10. Counsel on behalf of the appellant contended that the appellant was at the material time a resident of Indore and was therefore not bound by the revenue law of the then British India and no suit could be filed for enforcing recovery of revenue dues against the appellant. Reliance was placed in support of the contention on the decision of the House of Lords in Government of India, Ministry of Finance v. Taylor and Anr.  A.C. 491; 27 I.T.R. 356. In Taylor's  A.C. 491; 27 I.T.R. 356 case the Government of India sought to prove in the voluntary liquidation of a company registered in the United Kingdom but trading in India for a sum due in respect of Indian income-tax including capital gains tax, which arose on the sale of the company's undertaking in India. It was held by the majority opinion that although under Section 302 of the English Companies Act, 1948 a liquidator was required to provide in the liquidation of the company for liabilities of the company the tax claims would not be a liability within the meaning of Section 302 of the English Companies Act. The unanimous opinion was that the revenue claims would not be enforceable in relation to assets in England. The ratio of the decision in Taylor's  A.C. 491; 27 I.T.R. 356 case is that India being a foreign Government could not sue the liquidator Taylor in England for income tax levied and declared to be payable under the Indian law. A foreign State cannot enforce a claim for revenues against a foreigner in his home country. The reason is that a foreign court will not be an agency for tax gathering.
11. The decision in Taylor's  A.C. 491 case is of no aid to the appellant in the present case. The Union in the present case did not either sue or enforce any revenue law in a foreign court.
12. The Coal Production Cess was levied on coal despatched from collieries in the then British India. Under the Rules the excise duty was to be collected by the railway administration as a surcharge on freight and was to be recovered from the consignee if the freight charges were to be collected at the destination. The fact found in the present case was that the coat was despatched from the collieries within the then British India. The appellant was the consignee. Freight charges were to be collected at the station of destination, namely, Indore. The appellant also paid the freight charges on the consignments.
13. The levy of cess which is the taxable event happened within the then British India. The duty of excise is determined by reference to goods despatched from collieries. The tax is on the production of coal. The liability to pay cess is on the goods. The cess is a tax on goods and not on the sale of goods. This Court examined the true character of the cess in Jall's  Supp. 3 S.C.R. 436 case and Subba Rao, J. speaking for the Court said at page 451 of the Report: 'Excise duty is primarily a duty on the production or manufacture of goods produced or manufactured within the country. It is an indirect duty which the manufacturer or producer passes on to the ultimate consumer, that is, its ultimate incidence will always be on the consumer. Therefore, subject always to the legislative competence of the taxing authorty, the said tax can be levied at a convenient stage so long as the character of the impost, that is, it is a duty on the manufacture or production, is not lost. The method of collection does not affect the essence of the duty, but only relates to the machinery of collection for administrative convenience.... A perusal of the provisions of the Ordinance clearly demonstrates that the duty imposed is in essence excise duty and there is a rational connection between the said tax and the person on whom it is imposed. The ruling in Jall's  Supp. 3 S.C.R. 436 case establishes two propositions. First, that the cess is a duty on the manufacture or production of coal and secondly, the method of collection does not affect the essence of the excise duty.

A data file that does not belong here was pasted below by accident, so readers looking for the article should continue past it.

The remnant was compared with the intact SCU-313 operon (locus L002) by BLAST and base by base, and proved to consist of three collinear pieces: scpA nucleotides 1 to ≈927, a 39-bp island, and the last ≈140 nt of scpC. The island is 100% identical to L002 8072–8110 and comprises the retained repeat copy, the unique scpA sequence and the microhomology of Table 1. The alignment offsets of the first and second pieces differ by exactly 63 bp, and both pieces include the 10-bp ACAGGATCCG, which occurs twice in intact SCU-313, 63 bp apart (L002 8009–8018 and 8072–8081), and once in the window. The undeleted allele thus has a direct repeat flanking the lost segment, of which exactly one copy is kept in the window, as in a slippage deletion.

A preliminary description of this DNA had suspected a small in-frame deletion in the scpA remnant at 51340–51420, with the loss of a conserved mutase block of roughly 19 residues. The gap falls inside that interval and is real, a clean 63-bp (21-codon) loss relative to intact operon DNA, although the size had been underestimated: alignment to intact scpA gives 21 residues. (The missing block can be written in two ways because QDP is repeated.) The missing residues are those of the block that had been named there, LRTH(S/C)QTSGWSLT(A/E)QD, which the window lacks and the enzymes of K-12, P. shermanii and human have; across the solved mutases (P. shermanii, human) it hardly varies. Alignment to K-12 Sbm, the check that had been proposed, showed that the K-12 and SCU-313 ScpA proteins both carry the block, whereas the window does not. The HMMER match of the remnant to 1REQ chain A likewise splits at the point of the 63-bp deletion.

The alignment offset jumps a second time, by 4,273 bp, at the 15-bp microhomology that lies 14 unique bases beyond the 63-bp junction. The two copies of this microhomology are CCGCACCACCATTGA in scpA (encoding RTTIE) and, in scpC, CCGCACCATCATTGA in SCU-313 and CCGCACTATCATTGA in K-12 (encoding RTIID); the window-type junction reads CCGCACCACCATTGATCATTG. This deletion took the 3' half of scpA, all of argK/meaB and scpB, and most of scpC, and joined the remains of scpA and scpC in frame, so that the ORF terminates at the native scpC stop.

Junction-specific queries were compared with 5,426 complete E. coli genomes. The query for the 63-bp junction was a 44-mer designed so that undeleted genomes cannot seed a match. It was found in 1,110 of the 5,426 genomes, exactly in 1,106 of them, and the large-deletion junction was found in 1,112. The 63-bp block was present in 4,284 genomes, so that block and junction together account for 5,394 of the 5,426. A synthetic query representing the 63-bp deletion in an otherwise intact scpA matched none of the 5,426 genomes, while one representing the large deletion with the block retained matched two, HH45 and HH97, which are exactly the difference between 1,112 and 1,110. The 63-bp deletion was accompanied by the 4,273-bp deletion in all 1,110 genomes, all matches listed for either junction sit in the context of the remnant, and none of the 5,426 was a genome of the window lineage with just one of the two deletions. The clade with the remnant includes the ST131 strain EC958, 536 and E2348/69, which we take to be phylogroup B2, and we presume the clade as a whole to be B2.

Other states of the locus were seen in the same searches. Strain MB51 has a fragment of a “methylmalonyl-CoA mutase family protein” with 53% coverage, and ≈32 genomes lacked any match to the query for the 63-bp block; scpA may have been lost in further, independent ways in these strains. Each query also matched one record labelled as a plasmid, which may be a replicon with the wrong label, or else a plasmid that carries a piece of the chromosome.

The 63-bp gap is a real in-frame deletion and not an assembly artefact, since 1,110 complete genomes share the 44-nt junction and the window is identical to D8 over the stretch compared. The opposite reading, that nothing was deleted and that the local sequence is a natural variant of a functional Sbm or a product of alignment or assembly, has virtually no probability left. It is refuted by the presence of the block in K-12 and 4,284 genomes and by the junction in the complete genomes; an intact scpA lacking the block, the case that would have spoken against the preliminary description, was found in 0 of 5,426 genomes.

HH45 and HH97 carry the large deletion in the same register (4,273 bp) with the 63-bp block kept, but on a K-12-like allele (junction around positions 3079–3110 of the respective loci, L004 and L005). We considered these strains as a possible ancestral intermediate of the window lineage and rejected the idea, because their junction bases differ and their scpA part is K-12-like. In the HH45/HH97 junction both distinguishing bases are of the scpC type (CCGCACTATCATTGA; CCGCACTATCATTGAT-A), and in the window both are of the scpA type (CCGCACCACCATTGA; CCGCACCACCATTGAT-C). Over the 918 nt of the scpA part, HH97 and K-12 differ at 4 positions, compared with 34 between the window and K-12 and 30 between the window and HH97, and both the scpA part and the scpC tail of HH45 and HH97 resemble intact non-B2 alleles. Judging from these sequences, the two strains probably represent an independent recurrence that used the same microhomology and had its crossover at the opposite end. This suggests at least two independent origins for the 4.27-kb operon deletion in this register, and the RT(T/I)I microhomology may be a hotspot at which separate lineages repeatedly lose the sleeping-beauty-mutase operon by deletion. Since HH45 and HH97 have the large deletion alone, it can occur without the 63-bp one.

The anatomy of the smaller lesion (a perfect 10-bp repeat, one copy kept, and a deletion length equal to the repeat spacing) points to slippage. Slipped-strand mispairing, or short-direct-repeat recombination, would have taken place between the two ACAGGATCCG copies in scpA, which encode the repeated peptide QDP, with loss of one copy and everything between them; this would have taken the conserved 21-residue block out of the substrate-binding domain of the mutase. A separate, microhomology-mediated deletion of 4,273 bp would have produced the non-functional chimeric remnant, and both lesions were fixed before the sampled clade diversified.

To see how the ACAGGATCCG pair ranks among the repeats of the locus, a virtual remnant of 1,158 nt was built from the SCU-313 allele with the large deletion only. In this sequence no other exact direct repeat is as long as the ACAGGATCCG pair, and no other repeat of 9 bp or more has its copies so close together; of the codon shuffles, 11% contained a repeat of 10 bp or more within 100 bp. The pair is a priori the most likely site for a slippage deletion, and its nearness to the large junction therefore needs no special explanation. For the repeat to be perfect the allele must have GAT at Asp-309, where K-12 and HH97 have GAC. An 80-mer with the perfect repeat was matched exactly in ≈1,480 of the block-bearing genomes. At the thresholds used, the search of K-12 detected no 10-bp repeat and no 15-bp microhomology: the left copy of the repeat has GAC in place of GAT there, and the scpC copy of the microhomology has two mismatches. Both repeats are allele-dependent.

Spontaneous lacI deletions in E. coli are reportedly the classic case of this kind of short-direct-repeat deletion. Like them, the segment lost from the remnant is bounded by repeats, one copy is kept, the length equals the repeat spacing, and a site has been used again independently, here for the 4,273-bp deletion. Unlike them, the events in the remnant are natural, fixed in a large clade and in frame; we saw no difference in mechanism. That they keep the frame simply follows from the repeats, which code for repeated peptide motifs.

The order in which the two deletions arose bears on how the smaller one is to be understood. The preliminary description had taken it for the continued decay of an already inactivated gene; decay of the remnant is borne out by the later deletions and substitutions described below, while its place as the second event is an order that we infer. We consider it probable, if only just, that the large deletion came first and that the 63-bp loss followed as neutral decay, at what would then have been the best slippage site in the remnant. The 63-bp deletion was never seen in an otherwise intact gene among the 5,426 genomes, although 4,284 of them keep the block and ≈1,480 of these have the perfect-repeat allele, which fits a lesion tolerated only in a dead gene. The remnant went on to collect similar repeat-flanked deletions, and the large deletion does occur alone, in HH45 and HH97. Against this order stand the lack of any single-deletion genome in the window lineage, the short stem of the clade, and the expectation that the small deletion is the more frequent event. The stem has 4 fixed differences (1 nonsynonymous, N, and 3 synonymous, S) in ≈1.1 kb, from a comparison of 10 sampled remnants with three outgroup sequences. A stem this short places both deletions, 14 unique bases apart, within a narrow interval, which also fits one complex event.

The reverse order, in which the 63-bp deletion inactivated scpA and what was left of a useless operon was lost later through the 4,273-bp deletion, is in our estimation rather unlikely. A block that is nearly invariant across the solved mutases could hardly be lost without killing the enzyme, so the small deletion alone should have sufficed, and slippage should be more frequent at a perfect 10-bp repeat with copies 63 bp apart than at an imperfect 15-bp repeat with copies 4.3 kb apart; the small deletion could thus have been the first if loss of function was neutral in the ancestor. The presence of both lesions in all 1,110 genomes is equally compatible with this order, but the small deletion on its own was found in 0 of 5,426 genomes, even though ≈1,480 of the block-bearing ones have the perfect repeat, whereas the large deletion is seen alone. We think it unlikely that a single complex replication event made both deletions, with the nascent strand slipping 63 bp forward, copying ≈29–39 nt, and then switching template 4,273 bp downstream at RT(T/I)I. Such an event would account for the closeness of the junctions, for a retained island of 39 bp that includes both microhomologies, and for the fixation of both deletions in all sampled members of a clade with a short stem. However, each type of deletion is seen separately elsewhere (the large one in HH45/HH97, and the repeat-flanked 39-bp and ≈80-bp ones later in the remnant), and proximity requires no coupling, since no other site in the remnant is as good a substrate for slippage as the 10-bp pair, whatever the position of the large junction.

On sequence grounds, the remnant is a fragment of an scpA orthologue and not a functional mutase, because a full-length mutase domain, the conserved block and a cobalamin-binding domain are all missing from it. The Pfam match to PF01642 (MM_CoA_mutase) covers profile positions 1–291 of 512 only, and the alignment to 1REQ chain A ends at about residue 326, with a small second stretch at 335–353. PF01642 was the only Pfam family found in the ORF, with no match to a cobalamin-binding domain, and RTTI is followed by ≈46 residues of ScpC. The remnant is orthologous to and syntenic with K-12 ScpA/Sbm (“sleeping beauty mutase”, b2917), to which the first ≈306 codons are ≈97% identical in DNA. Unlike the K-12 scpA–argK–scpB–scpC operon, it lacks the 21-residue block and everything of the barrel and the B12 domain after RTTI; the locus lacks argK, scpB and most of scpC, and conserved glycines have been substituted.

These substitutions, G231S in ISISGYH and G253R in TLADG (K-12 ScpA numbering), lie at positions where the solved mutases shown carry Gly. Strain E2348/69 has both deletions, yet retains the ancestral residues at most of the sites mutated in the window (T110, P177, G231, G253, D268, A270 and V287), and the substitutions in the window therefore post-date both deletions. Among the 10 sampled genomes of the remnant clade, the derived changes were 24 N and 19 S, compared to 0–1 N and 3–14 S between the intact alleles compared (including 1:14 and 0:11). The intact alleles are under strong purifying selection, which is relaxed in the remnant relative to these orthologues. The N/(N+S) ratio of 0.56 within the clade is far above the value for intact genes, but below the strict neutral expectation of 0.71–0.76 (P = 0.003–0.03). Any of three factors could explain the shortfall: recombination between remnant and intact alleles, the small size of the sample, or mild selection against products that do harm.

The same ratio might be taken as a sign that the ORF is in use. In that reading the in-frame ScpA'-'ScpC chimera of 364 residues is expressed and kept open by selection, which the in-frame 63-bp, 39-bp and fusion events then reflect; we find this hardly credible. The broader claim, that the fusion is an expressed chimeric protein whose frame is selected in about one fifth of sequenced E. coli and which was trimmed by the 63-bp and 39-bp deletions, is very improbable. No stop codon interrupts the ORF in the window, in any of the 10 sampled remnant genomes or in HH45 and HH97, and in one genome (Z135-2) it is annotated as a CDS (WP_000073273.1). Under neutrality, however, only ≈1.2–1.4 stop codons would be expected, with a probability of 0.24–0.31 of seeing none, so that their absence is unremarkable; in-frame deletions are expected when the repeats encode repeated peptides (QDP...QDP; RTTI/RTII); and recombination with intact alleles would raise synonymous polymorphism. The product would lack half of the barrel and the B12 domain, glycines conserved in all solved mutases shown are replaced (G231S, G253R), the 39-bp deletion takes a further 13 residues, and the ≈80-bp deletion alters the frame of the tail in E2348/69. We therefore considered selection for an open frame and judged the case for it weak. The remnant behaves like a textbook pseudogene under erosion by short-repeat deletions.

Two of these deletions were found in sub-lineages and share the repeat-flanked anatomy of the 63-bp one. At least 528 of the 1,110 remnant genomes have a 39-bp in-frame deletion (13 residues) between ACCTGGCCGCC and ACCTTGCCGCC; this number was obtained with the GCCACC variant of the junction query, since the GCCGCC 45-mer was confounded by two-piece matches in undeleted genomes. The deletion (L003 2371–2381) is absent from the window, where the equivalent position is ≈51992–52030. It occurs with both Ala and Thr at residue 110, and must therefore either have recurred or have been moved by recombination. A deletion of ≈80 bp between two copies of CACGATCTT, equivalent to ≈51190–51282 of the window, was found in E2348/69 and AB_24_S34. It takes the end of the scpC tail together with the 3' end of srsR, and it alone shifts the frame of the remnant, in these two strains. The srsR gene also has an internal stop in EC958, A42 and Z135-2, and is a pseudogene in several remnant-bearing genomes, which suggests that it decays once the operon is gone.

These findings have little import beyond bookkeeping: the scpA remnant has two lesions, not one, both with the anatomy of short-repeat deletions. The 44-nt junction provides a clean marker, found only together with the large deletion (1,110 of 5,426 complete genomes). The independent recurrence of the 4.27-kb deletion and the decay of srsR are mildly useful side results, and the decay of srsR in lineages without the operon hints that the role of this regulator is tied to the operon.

14. The transaction of sale is a composite transaction consisting of agreement of sale, passing of title, delivery of goods and payment of price and costs charges of transportation. The cess formed surcharge on the freight. The appellant being the consignee was liable for the same. The cess became a part of the freight for purposes of collection but in essence the cess remained a tax on goods. The machinery for collection of the duty is not to be confused with the duty itself. Once the duty attaches to the goods these became impressed with the liability and the purchaser, namely, the consignee in the present case was affixed with the liability to pay. The liability arose at the colliery. The collection was to be at Indore. The appellant became liable to pay the cess along with the payment of the freight charges.
15. The suit was filed in the year 1953 when Indore was within India and the right of the Union to claim as well as 'the liability of the appellant to pay the cess was valid and subsisting. The Union was therefore entitled to a decree against the appellant.
16. Counsel on behalf of the appellant sought to raise an additional ground that there was no cause of action against appellant No. 2. Notice of the application for urging additional ground was given on 22 January, 1972. We did not allow this additional ground to be raised at this late stage. If the appellant had raised this question at the trial of the suit the respondent would have dealt with the same. We therefore thought that it would not be fair and proper to allow this ground to be raised.
17. For these reasons the judgment of the High Court is affirmed. The appeal is dismissed with costs.